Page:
And a happy note to end on. Our friends at Valour Consultancy, Inflight’s market intelligence provider, have been honoured with the prestigious Queen’s Award for Enterprise.

Valour’s award is given for outstanding achievement in the category of International Trade after increasing its overseas sales by an incredible 157% over the past three years.

Looking forward to celebrating your success in person soon!!

Editor’s Comment: Grounding our planes but ..

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Although the aviation industry – airlines in particular – has been one of the hardest hit by the COVID-19 pandemic, the steps that companies across the globe are taking to alleviate the damage and lay the groundwork for recovery are truly admirable. From virtual trade shows to extensive webinar series, video interview shorts to online networking solutions: planes may be grounded but the industry is spreading its wings as it continues to battle the COVID-19 storm.

Earlier this month, Inmarsat Aviation announced FLIGHTPLAN, a one-day, online broadcast event bringing together aviation experts, analysts and leaders to share information, insight and direction at this pivotal moment for the industry. In collaboration with APEX, FLIGHTPLAN is “shaped by our industry, for our industry” and “will focus not only on the current crisis, but will also look to how we equip ourselves and innovate to improve resilience and accelerate recovery”.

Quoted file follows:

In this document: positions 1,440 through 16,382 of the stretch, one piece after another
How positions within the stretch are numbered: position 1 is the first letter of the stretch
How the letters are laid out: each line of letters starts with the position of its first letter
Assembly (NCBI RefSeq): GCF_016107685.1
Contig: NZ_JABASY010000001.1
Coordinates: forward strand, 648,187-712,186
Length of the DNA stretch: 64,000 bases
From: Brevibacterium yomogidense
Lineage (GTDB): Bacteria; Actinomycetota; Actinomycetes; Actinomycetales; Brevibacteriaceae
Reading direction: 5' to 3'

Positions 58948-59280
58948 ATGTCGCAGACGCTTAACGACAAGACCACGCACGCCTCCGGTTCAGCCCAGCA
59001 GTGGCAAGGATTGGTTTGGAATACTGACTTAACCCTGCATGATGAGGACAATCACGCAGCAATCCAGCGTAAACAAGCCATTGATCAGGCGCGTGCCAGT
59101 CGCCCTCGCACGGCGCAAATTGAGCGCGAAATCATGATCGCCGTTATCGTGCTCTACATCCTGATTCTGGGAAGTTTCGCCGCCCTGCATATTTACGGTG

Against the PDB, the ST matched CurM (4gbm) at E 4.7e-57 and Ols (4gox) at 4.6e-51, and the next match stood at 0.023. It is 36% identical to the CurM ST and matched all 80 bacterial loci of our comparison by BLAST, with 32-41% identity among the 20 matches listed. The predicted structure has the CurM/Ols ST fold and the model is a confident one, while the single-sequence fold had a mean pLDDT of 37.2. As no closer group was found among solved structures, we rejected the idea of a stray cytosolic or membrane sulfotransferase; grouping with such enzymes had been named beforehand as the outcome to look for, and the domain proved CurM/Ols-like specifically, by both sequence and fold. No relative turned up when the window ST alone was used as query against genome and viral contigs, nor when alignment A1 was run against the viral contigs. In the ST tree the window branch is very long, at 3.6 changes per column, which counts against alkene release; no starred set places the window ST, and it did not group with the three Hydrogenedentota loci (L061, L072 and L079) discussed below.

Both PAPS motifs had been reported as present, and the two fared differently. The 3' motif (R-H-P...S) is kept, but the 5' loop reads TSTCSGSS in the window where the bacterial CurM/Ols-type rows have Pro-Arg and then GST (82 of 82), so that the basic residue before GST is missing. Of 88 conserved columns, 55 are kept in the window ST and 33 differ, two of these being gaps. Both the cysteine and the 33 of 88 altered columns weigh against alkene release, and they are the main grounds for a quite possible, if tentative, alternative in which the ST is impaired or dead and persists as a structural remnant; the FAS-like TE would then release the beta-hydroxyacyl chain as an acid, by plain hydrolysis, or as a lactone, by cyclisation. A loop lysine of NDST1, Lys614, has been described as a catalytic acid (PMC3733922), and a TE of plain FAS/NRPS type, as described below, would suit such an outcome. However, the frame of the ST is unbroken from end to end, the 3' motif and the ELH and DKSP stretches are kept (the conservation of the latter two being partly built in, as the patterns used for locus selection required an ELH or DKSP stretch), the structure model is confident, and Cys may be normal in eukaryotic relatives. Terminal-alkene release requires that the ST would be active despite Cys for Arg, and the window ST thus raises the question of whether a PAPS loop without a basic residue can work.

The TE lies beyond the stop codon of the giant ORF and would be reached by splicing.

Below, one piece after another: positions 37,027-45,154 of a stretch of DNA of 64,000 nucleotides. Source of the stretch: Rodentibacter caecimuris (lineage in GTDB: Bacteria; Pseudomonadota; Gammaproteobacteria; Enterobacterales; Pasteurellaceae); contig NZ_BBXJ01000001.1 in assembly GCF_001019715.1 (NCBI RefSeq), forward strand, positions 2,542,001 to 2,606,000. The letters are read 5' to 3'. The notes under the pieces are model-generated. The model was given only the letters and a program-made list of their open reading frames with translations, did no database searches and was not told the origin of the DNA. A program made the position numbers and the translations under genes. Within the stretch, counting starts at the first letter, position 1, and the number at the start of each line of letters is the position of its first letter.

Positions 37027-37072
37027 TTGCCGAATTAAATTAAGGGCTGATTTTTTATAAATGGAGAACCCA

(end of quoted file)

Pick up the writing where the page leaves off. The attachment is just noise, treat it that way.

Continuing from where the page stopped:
Alongside one-day events, one-hour webinars such as the State of Play series produced by the World Aviation Festival are gaining in both popularity and leverage. WAF’s webinar series comprised three broadcasts, each with a different regional focus and each reporting on the health of the industry in that specific region. Given the quality of the speakers recruited and the fact that audience interaction is actively encouraged, webinars like these are a very effective way of keeping industry conversation, discussion and debate alive. They provide the opportunity to push through the sensationalism and fear propagated by the mass media in order to explore the situations and issues that don’t tend to make the headlines.

John Strickland of JLS Consulting, who led WAF’s Europe webinar, spoke about the “delicate balance” between an airline’s need to cut staff costs as much as possible, something that isn’t easy when it must both retain a workforce capable of maintaining a grounded fleet and preserve its pilots’ currency.